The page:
Cathay Pacific Asia Miles added as US Membership Rewards transfer partner

I love the timing of this. Just yesterday I posted my analysis of what credit card points with the three “major” programs are worth, and included the following in the section about American Express Membership Rewards:

I sure hope they’re talking to either Alaska Airlines Mileage Plan or US Airways Dividend Miles for a potential partnership, as either would greatly improve the value proposition of the program.

The good news is that Membership Rewards has a new transfer partner — Cathay Pacific Asia Miles. While Asia Miles partners with some international Membership Rewards programs, this is the first time they’re partnering with the US program.

The bad news is that as far as I can tell it’s not really all that interesting for most of us.

As it stands you can redeem British Airways Avios points for travel on Cathay Pacific (or any other OneWorld partner), and while their award chart isn’t especially lucrative for longhaul flights, Membership Rewards is offering a 50% transfer bonus for British Airways through May 31. Still, even without the bonus their award chart is still more lucrative than Asia Miles’ in most instances.

Asia Miles has a distance based award chart (based on roundtrip travel), which can be found here, or you can use their mileage calculator here.

For example, first class roundtrip between San Francisco and Hong Kong will run you 180,000 Asia Miles, plus about $400 in taxes and fuel surcharges (as a point of comparison, business class will run you 120,000 Asia Miles and coach will run you 60,000 Asia Miles).

So that is a bit cheaper than booking through British Airways (which charges 70,000 miles for coach, 140,000 miles for business class, and 210,000 miles for first class), though that’s not factoring in the frequent transfer bonuses from Membership Rewards to British Airways.

For short-haul awards, booking through British Airways is a much better value. For example, Hong Kong to Bangkok in business class costs 30,000 miles roundtrip through British Airways and 40,000 miles roundtrip through Cathay Pacific Asia Miles. Between Hong Kong and Singapore the roundtrip cost is 40,000 miles through British Airways while it’s 70,000 miles roundtrip through Cathay Pacific.

So while I suppose more options are a good thing, I don’t suspect there will be many instances in which this is useful. When it comes to short-haul awards on OneWorld carriers, you’re better off transferring points to British Airways. For longhaul flights Cathay Pacific’s costs are sometimes a bit lower, though with the transfer bonuses British Airways frequently offers they’re still cheaper.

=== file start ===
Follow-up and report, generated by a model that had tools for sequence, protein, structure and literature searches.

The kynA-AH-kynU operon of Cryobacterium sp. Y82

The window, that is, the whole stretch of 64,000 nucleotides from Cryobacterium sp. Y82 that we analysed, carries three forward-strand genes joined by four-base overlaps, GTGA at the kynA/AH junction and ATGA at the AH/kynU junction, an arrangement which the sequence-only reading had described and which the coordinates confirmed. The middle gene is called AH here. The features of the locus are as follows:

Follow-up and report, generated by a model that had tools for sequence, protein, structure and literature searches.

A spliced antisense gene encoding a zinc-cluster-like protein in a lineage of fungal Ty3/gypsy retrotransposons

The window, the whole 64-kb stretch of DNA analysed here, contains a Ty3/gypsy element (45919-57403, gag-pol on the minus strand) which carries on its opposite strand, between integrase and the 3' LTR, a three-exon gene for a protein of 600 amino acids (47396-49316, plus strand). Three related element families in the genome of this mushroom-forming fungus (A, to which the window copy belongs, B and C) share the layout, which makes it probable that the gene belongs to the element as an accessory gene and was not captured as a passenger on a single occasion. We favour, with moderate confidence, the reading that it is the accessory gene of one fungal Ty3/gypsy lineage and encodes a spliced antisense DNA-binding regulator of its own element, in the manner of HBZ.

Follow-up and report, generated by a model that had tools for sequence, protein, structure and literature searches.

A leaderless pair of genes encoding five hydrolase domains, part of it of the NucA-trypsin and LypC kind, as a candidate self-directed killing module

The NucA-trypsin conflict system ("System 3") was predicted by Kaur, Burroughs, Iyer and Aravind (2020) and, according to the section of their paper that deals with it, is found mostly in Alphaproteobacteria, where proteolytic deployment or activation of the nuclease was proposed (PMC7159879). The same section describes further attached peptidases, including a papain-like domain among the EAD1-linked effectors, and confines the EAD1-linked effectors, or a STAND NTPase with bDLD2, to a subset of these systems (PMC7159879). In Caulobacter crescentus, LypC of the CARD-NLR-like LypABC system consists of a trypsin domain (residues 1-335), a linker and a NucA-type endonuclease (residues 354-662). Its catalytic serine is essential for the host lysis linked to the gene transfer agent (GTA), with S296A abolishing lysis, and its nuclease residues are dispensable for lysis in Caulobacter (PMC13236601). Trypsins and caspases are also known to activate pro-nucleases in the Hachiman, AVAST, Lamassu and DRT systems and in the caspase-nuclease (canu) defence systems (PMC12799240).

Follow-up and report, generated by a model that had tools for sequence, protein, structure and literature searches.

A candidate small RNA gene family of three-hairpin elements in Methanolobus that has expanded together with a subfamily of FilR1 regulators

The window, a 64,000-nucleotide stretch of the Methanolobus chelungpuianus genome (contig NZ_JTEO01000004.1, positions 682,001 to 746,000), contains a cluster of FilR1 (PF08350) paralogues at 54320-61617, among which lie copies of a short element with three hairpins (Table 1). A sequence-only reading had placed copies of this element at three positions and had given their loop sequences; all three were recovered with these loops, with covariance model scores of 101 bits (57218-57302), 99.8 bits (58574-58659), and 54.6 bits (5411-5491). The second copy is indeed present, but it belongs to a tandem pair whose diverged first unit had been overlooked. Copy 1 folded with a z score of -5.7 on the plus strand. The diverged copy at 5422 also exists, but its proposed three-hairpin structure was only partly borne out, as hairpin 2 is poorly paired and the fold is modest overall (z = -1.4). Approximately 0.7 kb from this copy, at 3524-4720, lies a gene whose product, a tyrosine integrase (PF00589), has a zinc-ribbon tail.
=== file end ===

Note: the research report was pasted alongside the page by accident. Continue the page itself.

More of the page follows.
At the end of the day if you want to fly Cathay Pacific first class you shouldn’t be accruing Membership Rewards points. You should be earning American miles, given that they don’t impose fuel surcharges for travel on Cathay Pacific and also have lower redemption rates (between the US and Asia they charge 70,000 miles for coach, 110,000 miles for business class, and 135,000 miles for first class).

So I guess it’s nice to have a new partner, and perhaps with some transfer bonuses in the future transferring to them could be a good value. I still find Singapore Airlines KrisFlyer to be a more valuable foreign transfer partner.

Filed Under: American Express, Cathay Pacific
  1. Lucky… please correct this part “between the US and Asia they charge *70,000 miles* for coach”

    the rest is correct. Thanks!

  2. I just noticed Asia Miles last night on the Amex website and I was a little surprised.

    I figured it had been there and doesn’t get much attention since their award chart doesn’t provide the best value for OW.

    Very useful comparison, thank you!

  3. Lucky,

    I have no experience with Asia miles, and agree with you and Gary on your assessments. It will all depend on the promos and the itinerary. The interesting thing I noticed is the companion award; and neither of you pointed to it.